Machine of Death: A Collection of Stories about People Who Know How They Will Die

Machine of Death: A Collection of Stories about People Who Know How They Will Die

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Overview


Machine of Death tells 34 stories about people who know how they will die. The machine doesn't give the date or specifics; using only a blood sample, it just spits out a sliver of paper upon which are printed, in careful block letters, words such as drowned, cancer, old age, or choked on a handful of popcorn. The realization that we could now know how we are going to die changes the world: people became at once less fearful and more afraid. For every possibility the machine closes, it seems to open several more, with varying degrees of plausibility. Over time the machine is reverse-engineered and duplicated. Eventually there are machines in every doctor’s office and in booths at the mall. People can pay someone or perhaps get it done for free, but the results are the same no matter which machine is used — they are, at least, consistent.

Machine of Death features stories by Randall Munroe, Ben "Yahtzee" Croshaw, Tom Francis, Camille Alexa, Erin McKean, Jeff Stautz, and many others. The book also features illustrations by Kate Beaton, Kazu Kibuishi, Aaron Diaz, Jeffrey Brown, Scott C., Roger Langridge, Karl Kerschl, Cameron Stewart, and many others.

Product Details

ISBN-13: 9780982167120
Publisher: Machines of Death
Publication date: 10/13/2010
Pages: 470
Sales rank: 471,139
Product dimensions: 9.14(w) x 11.32(h) x 0.94(d)
Age Range: 13 Years

About the Author


Ryan North is an author who lives in Toronto. He writes a comic strip called "Dinosaur Comics" which you can pick up in book form at your local bookstore, or which you can just read for free at Qwantz.com. They're pretty okay!

Matthew Bennardo has lived in Cleveland for the past twenty years. His stories have previously been published in Asimov's Science Fiction and Strange Horizons, among other markets. 

David Malki ! is the author of the Eisner-, Harvey- and Ignatz-nominated comic strip "Wondermark." His latest collection is Dapper Caps & Pedal-Copters, published by Dark Horse Books. He lives in Los Angeles and he likes to fly airplanes. Read his comics at Wondermark.com.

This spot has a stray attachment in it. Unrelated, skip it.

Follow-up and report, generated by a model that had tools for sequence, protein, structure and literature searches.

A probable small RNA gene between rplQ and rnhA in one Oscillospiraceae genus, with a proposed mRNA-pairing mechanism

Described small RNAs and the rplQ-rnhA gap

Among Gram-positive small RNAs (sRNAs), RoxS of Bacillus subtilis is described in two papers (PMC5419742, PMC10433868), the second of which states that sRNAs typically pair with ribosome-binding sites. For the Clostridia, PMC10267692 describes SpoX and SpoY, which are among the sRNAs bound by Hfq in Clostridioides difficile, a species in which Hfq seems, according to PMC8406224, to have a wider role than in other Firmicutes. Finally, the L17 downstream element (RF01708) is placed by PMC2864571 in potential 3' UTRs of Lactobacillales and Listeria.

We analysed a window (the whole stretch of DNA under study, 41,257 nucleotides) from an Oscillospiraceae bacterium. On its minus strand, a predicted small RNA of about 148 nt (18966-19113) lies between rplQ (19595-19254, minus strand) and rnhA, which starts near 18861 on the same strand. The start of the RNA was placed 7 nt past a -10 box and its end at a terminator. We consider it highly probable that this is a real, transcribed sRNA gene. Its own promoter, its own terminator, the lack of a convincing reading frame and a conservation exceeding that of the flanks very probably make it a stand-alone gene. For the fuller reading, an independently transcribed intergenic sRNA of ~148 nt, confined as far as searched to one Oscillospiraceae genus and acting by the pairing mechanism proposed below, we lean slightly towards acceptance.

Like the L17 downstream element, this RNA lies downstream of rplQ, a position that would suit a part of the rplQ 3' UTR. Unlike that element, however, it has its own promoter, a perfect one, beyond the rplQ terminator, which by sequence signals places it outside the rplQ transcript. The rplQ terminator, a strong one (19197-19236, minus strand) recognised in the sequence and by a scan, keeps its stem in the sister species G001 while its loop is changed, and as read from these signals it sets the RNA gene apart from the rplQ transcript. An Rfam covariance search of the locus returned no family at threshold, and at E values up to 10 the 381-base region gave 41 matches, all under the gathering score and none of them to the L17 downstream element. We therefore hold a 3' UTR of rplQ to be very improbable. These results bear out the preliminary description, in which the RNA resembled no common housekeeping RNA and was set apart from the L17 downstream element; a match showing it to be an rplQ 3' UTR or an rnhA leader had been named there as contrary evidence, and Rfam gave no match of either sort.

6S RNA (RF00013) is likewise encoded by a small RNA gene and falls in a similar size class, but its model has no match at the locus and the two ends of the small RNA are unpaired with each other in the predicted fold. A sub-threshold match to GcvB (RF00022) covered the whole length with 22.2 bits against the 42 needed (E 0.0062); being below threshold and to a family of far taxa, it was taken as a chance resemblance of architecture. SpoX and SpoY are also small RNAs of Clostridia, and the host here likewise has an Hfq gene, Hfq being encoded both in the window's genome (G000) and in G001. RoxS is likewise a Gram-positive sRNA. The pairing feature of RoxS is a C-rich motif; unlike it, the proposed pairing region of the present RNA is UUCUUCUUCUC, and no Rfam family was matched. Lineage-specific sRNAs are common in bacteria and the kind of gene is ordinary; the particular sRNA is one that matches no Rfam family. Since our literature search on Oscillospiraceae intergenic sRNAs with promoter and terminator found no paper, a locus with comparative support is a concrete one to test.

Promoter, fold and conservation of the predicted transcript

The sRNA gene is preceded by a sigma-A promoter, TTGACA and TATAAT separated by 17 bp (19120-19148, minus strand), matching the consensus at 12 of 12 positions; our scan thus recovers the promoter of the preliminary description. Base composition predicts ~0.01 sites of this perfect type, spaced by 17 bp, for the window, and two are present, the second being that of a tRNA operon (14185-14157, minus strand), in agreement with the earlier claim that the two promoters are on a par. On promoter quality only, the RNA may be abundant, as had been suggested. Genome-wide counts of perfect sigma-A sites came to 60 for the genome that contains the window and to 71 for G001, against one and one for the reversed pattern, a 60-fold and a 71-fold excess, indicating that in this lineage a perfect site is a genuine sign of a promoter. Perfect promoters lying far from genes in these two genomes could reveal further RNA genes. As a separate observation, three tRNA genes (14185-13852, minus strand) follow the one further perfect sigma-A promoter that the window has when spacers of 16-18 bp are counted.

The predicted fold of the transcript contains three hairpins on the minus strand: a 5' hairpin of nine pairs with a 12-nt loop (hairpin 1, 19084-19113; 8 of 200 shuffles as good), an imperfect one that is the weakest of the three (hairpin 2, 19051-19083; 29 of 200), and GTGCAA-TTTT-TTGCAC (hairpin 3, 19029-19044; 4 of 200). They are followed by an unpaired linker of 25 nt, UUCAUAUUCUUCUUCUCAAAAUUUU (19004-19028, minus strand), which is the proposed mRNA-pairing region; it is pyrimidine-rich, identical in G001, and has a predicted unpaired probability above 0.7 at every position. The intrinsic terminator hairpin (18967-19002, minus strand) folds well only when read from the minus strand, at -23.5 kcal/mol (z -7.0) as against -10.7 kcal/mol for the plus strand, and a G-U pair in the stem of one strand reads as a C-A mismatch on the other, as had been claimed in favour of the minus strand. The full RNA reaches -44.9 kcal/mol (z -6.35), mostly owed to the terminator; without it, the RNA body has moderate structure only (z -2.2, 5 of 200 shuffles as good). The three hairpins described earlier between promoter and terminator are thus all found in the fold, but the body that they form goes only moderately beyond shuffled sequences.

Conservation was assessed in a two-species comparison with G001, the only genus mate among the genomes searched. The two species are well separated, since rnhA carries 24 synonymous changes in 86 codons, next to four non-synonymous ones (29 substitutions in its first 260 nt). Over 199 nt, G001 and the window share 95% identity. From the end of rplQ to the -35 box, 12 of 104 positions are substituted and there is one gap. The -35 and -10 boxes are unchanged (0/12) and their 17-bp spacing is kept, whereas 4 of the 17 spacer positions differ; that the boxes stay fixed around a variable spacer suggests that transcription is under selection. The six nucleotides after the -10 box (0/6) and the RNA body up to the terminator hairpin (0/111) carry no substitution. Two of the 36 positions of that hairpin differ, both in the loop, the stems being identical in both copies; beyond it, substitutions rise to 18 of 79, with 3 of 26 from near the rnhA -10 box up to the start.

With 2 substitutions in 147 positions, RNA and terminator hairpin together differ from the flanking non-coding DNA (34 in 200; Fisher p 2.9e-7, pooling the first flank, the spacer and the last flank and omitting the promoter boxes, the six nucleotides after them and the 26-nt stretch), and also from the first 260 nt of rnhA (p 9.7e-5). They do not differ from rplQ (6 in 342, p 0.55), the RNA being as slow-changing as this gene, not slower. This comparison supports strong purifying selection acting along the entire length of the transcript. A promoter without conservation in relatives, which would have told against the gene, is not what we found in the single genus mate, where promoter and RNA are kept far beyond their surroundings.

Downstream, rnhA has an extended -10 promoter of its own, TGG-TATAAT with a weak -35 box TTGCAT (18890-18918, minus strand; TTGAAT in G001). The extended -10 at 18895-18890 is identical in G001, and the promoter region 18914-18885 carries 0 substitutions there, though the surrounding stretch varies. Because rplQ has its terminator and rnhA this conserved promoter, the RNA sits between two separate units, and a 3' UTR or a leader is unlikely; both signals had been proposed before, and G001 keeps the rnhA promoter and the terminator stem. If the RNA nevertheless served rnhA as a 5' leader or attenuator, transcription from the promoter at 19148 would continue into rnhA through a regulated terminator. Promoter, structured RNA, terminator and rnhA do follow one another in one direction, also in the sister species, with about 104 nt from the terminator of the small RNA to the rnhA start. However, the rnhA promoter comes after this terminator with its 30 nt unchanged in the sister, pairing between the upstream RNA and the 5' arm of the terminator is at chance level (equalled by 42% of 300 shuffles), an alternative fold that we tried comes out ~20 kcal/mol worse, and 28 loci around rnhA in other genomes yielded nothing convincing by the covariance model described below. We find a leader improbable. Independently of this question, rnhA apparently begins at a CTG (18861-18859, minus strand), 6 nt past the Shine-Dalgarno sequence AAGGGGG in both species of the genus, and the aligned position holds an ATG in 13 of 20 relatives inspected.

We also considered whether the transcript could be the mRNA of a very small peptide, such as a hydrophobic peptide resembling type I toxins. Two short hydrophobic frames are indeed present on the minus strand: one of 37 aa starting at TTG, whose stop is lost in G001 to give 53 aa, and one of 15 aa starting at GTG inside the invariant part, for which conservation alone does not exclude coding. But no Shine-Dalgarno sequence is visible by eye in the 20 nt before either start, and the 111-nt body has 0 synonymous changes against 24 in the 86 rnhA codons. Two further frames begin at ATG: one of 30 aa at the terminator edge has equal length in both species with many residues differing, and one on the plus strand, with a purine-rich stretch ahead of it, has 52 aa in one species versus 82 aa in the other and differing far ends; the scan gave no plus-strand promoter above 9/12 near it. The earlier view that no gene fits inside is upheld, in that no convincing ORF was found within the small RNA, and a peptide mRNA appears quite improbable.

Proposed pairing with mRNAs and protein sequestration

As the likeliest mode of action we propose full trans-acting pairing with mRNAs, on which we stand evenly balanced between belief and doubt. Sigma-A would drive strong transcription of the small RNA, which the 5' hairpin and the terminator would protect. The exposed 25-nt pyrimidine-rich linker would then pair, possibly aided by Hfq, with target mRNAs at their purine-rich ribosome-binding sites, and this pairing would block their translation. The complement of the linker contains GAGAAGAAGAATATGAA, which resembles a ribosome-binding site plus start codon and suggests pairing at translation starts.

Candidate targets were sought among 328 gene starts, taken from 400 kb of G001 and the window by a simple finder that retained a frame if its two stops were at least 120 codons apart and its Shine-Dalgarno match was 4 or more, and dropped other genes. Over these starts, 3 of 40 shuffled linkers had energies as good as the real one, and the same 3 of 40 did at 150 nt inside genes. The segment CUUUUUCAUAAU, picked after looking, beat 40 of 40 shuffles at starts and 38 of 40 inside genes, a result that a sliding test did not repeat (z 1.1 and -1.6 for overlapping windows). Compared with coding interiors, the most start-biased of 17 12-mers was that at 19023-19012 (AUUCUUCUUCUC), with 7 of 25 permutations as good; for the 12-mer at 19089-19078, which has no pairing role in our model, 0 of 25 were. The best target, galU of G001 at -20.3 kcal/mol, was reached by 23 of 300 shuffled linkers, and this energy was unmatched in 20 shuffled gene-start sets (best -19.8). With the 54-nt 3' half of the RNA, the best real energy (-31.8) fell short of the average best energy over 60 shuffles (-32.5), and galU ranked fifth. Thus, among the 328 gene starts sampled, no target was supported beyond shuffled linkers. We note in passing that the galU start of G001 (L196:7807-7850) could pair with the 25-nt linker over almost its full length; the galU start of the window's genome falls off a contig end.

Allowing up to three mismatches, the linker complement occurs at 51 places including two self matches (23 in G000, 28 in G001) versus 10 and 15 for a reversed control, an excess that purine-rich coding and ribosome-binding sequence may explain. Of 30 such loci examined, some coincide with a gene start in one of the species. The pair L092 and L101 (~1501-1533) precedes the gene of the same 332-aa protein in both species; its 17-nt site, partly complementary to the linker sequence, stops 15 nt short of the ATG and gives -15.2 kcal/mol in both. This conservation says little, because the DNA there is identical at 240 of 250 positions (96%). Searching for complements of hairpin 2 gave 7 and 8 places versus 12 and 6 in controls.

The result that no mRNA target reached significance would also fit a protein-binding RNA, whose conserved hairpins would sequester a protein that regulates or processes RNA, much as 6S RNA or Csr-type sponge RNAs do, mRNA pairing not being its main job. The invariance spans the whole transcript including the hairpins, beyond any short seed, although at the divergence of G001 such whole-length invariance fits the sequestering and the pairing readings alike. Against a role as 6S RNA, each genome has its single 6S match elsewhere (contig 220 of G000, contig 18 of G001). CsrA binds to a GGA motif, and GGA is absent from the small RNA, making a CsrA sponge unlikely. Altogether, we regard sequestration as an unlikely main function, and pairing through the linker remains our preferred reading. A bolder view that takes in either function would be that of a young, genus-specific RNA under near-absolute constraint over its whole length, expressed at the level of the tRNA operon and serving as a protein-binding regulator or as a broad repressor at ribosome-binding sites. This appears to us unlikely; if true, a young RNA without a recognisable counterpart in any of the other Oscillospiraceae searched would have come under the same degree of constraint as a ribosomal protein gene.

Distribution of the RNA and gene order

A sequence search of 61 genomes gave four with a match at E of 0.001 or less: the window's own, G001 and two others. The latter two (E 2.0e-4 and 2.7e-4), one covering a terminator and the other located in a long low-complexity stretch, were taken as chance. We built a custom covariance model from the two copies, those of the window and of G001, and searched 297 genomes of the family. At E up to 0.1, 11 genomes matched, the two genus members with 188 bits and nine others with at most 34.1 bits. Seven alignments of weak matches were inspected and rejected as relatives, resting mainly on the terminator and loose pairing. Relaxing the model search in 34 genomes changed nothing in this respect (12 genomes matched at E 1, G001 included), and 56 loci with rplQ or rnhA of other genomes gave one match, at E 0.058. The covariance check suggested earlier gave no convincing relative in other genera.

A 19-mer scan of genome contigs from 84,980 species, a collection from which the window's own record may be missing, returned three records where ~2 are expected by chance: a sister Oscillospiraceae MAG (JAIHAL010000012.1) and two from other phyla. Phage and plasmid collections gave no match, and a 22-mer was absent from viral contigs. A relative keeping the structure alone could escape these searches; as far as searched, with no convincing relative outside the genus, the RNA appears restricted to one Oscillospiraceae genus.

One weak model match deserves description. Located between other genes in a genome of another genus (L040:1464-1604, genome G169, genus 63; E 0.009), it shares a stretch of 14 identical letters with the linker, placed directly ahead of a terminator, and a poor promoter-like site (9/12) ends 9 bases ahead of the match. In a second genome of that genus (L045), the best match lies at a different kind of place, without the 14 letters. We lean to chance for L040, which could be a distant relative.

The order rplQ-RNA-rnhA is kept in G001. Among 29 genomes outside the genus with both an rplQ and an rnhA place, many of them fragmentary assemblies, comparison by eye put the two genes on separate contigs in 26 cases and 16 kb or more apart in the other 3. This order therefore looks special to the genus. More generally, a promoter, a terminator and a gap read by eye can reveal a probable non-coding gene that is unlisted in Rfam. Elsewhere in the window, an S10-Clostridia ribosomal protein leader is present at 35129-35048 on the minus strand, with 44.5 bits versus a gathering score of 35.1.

Randall Munroe, a cartoonist from southern Virginia, is the creator of the webcomic "xkcd" (xkcd.com), one of the most popular comics on the Internet. Formerly a roboticist at NASA, he now makes a living writing comics. He spends his time drawing, traveling, and training computers to beat humans at Rock-Paper-Scissors. He lives in Massachusetts.

Kate Beaton draws men in fancy hats for a living. On an exciting day she'll draw a character with epaulets. Visit her at Harkavagrant.com.

Customer Reviews

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Machine of Death 4.5 out of 5 based on 0 ratings. 58 reviews.
Melizerd More than 1 year ago
This book might sound a little morbid, and it sort of is, but it is also a collection of funny, thoughtful and surprising stories about a really interesting machine that will make you have some pretty interesting discussions with those around you! I highly recommend it!
moon781 More than 1 year ago
Stumbled upon this book entirely by accident and I was really glad I did. I hate to sound cliche, but this book really makes you think. How would you react if you found out the way you would die? Would you want to know? The individual stories are well-written and draw the reader in easily. I breezed through this book in no time. The only flaw I could see is that you get so engrossed in some of the characters that you are disappointed when the story is over and you don't know what happens to them. Definitely worth a read.
huskerfan29 More than 1 year ago
Didn't know what to expect from this book, I was just purchasing off of the concept alone. The book has turned out to be many different things all rolled into one. This book is the perfect book for readers of any genre, because it absolutely has something for everyone. I would highly recommend this book to casual readers looking for a bit more, a bit more thinking in their enjoyment.
ampersande More than 1 year ago
Picked this up in a BN store and thumbed through it, it's why I bought a NOOK! Overall a fantastic read, one that made me think every time I got to a new story. What would like be like if you knew (sort of) how you were going to die? This book will make you wonder.